Primary reverse shoulder arthroplasty using contemporary implants is associated with very low reoperation rates.
Background: The early results of reverse shoulder arthroplasty (RSA) were influenced to some extent by the use of first-generation implants and surgeons' learning curves, resulting in relatively high reoperation rates. The purpose of this study was to quantify the burden of and identify the indications for reoperation after primary RSA using contemporary implants and techniques.
The effect of subscapularis repair on dislocation rates in reverse shoulder arthroplasty: a meta-analysis and systematic review.
Background: Reverse total shoulder arthroplasty is an effective treatment for patients with rotator cuff arthropathy; however, complication rates are relatively high (19%-50%), with implant instability and infection being particularly devastating to overall outcomes. The objective of this study was to analyze the highest level of data comparing dislocation rates and outcomes in reverse total shoulder arthroplasty with and without the subscapularis tendon repaired.
Outcomes of hyaluronic acid injections for glenohumeral osteoarthritis: a systematic review and meta-analysis.
Background: Hyaluronic acid (HA) is an analgesic and chondroprotective agent often used for the nonoperative treatment of osteoarthritis (OA). The effects of HA injections are well studied in the treatment of knee OA, but the effects in glenohumeral OA remain unclear. This study evaluated the efficacy of HA to reduce pain in patients with glenohumeral OA.
Three- and four-part displaced proximal humeral fractures in patients older than 70 years: reverse shoulder arthroplasty or nonsurgical treatment?
Background: The objective of our study was to evaluate the results of surgical treatment by reverse shoulder arthroplasty (RSA) compared with nonsurgical treatment after 2 years of follow-up in patients aged 70 years or older with displaced 3-part or 4-part proximal humeral fractures.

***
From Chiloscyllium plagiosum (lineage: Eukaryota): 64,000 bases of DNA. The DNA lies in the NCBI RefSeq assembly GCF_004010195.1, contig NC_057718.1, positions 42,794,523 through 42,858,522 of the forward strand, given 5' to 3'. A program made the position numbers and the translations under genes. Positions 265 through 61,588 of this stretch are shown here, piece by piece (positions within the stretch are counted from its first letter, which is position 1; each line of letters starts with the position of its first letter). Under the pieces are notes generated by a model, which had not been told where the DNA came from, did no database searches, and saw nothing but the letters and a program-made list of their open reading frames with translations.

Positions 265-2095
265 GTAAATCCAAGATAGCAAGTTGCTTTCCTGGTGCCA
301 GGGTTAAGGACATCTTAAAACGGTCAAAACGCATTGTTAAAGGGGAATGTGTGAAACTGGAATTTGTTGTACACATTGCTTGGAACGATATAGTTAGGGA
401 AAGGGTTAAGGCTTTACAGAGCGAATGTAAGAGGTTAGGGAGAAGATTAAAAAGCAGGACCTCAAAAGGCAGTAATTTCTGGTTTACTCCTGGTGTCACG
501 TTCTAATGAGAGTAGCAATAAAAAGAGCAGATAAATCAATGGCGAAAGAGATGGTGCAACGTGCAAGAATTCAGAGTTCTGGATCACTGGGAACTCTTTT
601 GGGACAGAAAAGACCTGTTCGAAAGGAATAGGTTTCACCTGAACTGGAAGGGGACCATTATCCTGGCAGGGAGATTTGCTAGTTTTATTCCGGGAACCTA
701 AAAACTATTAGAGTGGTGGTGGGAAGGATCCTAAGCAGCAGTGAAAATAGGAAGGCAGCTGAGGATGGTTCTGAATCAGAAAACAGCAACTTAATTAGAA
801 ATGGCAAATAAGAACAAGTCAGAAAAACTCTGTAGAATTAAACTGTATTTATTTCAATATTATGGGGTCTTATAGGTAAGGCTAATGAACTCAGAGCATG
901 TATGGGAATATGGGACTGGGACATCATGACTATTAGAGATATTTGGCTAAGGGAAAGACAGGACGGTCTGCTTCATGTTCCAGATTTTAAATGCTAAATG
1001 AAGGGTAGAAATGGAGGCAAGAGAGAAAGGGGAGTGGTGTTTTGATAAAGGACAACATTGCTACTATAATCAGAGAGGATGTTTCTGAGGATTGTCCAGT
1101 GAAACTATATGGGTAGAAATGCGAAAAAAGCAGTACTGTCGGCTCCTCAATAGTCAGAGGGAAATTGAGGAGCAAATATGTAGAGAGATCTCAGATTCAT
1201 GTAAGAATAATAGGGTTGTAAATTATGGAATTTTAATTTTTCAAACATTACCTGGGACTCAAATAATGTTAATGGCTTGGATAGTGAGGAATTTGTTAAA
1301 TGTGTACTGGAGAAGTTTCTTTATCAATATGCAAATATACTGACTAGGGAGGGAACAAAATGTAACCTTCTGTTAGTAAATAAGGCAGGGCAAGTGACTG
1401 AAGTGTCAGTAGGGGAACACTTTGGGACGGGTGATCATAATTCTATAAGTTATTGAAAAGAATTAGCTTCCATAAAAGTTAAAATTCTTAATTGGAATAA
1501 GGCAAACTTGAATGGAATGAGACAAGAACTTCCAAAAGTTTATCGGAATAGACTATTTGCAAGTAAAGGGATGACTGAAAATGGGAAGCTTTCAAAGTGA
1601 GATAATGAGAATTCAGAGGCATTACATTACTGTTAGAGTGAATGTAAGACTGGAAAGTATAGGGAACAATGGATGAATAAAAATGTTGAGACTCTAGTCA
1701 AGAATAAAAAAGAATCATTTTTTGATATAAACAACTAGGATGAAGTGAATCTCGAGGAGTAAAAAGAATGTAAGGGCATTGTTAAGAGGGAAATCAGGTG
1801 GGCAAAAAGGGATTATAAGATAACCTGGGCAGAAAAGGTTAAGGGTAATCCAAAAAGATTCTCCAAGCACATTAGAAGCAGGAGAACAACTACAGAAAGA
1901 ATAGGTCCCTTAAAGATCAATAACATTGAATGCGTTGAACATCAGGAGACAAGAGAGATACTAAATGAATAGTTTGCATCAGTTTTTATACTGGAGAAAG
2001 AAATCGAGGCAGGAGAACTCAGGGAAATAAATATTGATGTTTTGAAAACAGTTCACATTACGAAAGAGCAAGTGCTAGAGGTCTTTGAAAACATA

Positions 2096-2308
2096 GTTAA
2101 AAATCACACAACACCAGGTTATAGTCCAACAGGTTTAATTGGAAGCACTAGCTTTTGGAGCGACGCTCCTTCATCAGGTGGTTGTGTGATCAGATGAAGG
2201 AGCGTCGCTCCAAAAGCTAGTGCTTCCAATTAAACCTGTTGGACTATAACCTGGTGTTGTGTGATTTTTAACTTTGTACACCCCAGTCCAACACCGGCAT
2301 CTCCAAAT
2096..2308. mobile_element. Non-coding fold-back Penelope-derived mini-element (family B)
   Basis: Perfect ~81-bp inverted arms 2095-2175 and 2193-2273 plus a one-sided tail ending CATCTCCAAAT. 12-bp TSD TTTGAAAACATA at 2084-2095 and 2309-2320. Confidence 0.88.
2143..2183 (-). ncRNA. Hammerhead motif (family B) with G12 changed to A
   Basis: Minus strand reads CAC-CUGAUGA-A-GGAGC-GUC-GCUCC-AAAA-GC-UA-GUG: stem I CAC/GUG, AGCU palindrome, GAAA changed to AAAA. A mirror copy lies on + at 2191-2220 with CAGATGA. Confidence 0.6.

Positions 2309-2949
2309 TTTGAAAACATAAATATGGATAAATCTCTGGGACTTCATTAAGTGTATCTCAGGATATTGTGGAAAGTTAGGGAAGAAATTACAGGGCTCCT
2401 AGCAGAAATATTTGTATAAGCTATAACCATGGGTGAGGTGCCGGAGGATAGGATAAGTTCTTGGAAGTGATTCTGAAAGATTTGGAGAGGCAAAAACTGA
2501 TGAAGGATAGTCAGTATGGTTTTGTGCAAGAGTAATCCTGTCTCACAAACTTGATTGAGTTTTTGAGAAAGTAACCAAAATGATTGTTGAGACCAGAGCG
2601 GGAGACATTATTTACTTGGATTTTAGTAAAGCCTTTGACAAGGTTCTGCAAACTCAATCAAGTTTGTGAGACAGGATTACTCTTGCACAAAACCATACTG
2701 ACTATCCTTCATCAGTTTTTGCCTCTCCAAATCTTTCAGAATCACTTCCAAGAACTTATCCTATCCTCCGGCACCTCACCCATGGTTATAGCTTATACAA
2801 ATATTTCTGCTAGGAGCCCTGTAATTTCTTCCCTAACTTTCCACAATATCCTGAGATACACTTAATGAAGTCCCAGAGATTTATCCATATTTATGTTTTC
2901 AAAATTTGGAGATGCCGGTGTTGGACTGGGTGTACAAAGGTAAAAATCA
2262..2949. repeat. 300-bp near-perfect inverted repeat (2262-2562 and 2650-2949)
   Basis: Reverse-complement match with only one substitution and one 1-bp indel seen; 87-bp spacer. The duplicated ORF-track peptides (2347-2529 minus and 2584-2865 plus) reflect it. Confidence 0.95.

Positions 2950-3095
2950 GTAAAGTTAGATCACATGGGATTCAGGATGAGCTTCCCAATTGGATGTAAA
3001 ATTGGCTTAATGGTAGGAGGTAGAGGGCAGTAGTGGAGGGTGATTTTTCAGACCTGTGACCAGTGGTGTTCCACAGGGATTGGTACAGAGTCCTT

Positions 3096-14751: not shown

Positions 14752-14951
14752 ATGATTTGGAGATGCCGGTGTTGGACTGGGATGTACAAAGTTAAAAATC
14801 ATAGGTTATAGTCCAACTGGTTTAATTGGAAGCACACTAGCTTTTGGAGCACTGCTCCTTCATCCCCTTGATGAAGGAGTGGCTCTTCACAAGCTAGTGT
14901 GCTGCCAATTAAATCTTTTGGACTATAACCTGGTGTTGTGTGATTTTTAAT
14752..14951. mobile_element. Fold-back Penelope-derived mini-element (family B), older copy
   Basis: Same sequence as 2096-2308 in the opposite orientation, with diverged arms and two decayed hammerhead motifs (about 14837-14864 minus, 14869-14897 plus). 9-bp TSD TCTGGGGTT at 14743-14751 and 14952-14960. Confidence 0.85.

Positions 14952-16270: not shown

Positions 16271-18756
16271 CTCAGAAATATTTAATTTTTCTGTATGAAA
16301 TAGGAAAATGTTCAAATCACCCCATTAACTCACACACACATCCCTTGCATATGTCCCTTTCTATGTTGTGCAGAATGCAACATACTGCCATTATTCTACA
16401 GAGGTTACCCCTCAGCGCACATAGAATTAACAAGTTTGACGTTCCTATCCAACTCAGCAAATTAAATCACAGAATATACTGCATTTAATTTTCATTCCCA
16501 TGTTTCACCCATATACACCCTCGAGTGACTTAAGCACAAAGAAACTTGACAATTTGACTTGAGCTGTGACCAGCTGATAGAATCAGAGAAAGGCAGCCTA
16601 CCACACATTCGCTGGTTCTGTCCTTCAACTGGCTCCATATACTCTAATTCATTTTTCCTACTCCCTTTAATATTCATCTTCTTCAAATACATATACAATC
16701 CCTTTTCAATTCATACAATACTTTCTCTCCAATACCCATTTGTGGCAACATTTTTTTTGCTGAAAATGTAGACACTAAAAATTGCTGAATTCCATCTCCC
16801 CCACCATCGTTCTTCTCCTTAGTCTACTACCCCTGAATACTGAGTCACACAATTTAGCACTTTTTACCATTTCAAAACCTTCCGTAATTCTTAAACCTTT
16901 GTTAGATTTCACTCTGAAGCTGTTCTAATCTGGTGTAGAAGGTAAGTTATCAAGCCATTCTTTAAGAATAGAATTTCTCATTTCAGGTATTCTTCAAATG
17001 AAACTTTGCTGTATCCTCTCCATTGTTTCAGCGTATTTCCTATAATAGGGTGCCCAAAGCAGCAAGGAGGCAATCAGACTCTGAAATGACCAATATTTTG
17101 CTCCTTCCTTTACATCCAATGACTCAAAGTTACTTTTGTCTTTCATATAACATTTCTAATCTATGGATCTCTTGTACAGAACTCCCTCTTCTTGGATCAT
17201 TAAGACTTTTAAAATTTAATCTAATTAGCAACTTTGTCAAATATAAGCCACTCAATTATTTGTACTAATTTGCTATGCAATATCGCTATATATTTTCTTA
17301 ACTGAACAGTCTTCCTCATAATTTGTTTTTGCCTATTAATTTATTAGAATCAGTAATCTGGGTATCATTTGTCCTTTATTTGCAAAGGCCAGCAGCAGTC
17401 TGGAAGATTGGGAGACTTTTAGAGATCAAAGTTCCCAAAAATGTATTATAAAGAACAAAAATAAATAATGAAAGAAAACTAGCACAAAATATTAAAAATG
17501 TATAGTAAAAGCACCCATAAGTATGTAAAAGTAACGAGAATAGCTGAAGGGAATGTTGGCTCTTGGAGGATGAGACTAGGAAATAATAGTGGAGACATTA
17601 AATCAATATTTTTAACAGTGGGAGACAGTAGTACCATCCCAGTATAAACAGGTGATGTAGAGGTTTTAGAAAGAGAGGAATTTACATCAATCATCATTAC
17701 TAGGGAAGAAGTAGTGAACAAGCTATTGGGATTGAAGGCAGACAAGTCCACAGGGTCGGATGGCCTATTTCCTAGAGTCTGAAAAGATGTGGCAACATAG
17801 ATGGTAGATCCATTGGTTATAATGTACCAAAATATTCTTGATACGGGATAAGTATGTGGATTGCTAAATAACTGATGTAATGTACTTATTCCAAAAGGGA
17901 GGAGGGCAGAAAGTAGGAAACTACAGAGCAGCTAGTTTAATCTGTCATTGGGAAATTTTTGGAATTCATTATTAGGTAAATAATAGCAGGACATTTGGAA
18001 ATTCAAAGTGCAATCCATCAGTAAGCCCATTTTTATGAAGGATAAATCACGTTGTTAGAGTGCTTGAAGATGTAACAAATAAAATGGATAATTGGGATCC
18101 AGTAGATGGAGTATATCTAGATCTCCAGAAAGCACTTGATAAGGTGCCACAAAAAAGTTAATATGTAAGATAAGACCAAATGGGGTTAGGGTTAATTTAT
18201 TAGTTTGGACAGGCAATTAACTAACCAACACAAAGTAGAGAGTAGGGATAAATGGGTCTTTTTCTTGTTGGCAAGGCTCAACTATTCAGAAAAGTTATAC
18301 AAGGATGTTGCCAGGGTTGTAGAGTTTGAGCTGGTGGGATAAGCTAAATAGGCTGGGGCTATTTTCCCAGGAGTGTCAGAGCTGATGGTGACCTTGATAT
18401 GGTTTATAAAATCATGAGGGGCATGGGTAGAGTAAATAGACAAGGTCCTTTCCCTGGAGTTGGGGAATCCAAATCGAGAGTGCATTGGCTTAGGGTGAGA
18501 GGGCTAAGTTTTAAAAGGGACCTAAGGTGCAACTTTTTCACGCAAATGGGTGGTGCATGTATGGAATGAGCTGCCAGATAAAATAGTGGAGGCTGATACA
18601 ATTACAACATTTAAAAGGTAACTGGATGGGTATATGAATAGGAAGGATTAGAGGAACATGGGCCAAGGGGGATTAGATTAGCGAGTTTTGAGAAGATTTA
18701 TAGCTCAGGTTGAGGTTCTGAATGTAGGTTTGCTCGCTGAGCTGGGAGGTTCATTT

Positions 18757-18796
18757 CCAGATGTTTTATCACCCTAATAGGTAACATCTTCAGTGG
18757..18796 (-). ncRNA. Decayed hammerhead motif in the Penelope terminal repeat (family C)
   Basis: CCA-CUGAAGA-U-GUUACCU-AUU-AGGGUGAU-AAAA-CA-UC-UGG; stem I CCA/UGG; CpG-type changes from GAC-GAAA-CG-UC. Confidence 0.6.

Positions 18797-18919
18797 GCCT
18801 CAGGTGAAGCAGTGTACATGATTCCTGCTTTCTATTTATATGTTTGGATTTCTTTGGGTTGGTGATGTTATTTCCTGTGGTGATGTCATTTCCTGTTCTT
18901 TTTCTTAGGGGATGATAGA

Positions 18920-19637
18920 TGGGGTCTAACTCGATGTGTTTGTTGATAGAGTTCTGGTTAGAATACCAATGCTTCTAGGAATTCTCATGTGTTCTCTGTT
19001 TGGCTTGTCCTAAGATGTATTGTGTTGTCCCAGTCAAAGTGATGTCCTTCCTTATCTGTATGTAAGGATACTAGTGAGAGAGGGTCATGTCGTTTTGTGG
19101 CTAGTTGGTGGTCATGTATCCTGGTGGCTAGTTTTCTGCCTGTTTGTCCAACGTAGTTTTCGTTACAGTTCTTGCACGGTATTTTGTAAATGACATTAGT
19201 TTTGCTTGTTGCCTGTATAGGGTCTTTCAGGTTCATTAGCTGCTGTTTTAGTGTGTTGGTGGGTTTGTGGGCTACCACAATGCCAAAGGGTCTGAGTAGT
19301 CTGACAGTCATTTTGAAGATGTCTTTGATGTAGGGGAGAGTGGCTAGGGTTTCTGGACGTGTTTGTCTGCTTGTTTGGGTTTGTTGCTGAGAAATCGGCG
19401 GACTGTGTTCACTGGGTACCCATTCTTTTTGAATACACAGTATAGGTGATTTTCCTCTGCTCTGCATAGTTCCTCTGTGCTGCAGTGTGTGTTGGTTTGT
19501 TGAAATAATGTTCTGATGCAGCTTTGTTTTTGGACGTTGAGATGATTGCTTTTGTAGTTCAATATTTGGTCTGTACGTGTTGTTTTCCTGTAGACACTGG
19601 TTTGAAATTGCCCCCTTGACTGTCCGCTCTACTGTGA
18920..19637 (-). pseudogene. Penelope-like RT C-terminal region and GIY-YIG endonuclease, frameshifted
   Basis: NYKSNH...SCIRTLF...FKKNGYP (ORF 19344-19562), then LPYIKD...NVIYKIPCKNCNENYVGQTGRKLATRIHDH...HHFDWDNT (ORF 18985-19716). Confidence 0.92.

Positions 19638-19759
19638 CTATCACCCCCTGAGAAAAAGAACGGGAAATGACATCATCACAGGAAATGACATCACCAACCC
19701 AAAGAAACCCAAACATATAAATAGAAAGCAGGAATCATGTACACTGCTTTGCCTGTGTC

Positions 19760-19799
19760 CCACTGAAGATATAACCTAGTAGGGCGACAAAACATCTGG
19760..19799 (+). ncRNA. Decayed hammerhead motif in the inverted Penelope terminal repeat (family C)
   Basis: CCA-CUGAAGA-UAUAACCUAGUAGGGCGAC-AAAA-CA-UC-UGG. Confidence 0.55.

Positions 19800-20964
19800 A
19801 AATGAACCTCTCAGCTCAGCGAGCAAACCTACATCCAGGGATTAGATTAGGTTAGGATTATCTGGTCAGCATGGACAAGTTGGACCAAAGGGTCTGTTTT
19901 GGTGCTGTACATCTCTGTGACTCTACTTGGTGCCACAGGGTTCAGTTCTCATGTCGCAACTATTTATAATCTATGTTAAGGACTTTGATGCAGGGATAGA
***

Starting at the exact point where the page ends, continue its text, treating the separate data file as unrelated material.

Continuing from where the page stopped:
Sports Participation Is an Appropriate Expectation for Recreational Athletes Undergoing Shoulder Arthroplasty.
Background: Several studies have investigated sports participation in patients who undergo total shoulder arthroplasty (TSA). However, there are limited data in the setting of hemiarthroplasty (HA) and reverse total shoulder arthroplasty (rTSA), particularly regarding the frequency of participation in common sports.
Comparative analysis of work-related outcomes in hemiarthroplasty with concentric glenoid reaming and total shoulder arthroplasty.
Background: Anatomic total shoulder arthroplasty (aTSA) has demonstrated high levels of return to work, although there are fears of glenoid component loosening with higher work demand.
Instability after reverse total shoulder arthroplasty.
Background: This study evaluated patients with and without a prosthetic dislocation after reverse total shoulder arthroplasty (RTSA) to identify risk factors for instability.
Return to Recreational Sporting Activities Following Total Shoulder Arthroplasty.
Background: Patients are staying active longer and expect to return to sports or continue participating in recreational activities after total shoulder arthroplasty (TSA) for primary glenohumeral osteoarthritis.
Hemiarthroplasty Versus Total Shoulder Arthroplasty for Shoulder Osteoarthritis
Background: Return to activity is a commonly used indication for shoulder hemiarthroplasty (HA) compared with total shoulder arthroplasty (TSA). Despite clinical studies demonstrating better functional outcomes after TSA, the literature has failed to show a difference in return to sports.
Sports after shoulder arthroplasty: a comparative analysis of hemiarthroplasty and reverse total shoulder replacement
Background: Traditionally, fewer postoperative sport restrictions are imposed on hemiarthroplasty (HHA) patients on than reverse total shoulder arthroplasty (RTSA) patients. However, functional outcomes have been shown to be superior in RTSA.
Clinical and Radiographic Outcomes of the Ream-and-Run Procedure for Primary Glenohumeral Arthritis
Background: The ream-and-run procedure can provide improvement in shoulder function and comfort for selected patients with primary glenohumeral arthritis who wish to avoid a prosthetic glenoid component.
Return to Work After Anatomic Total Shoulder Arthroplasty for Patients 55 Years and Younger at Average 5-Year Follow-up
Abstract: As the number of anatomic total shoulder arthroplasties performed on younger patients continues to grow, return to work after surgery becomes increasingly important.
Sports- and Work-Related Outcomes After Shoulder Hemiarthroplasty
Background:With an active aging population, more patients expect to return to previous activities and work after surgery.
Patient Activity Levels After Reverse Total Shoulder Arthroplasty
Background: The indications for reverse total shoulder arthroplasty (RTSA) continue to expand, which has resulted in younger patients who want to remain active after RTSA.
Return to sports after shoulder arthroplasty
Abstract: Many patients prioritize the ability to return to sports following shoulder replacement surgeries, including total shoulder arthroplasty (TSA), reverse total shoulder art hroplasty (RTSA), and hemiarthroplasty (HA).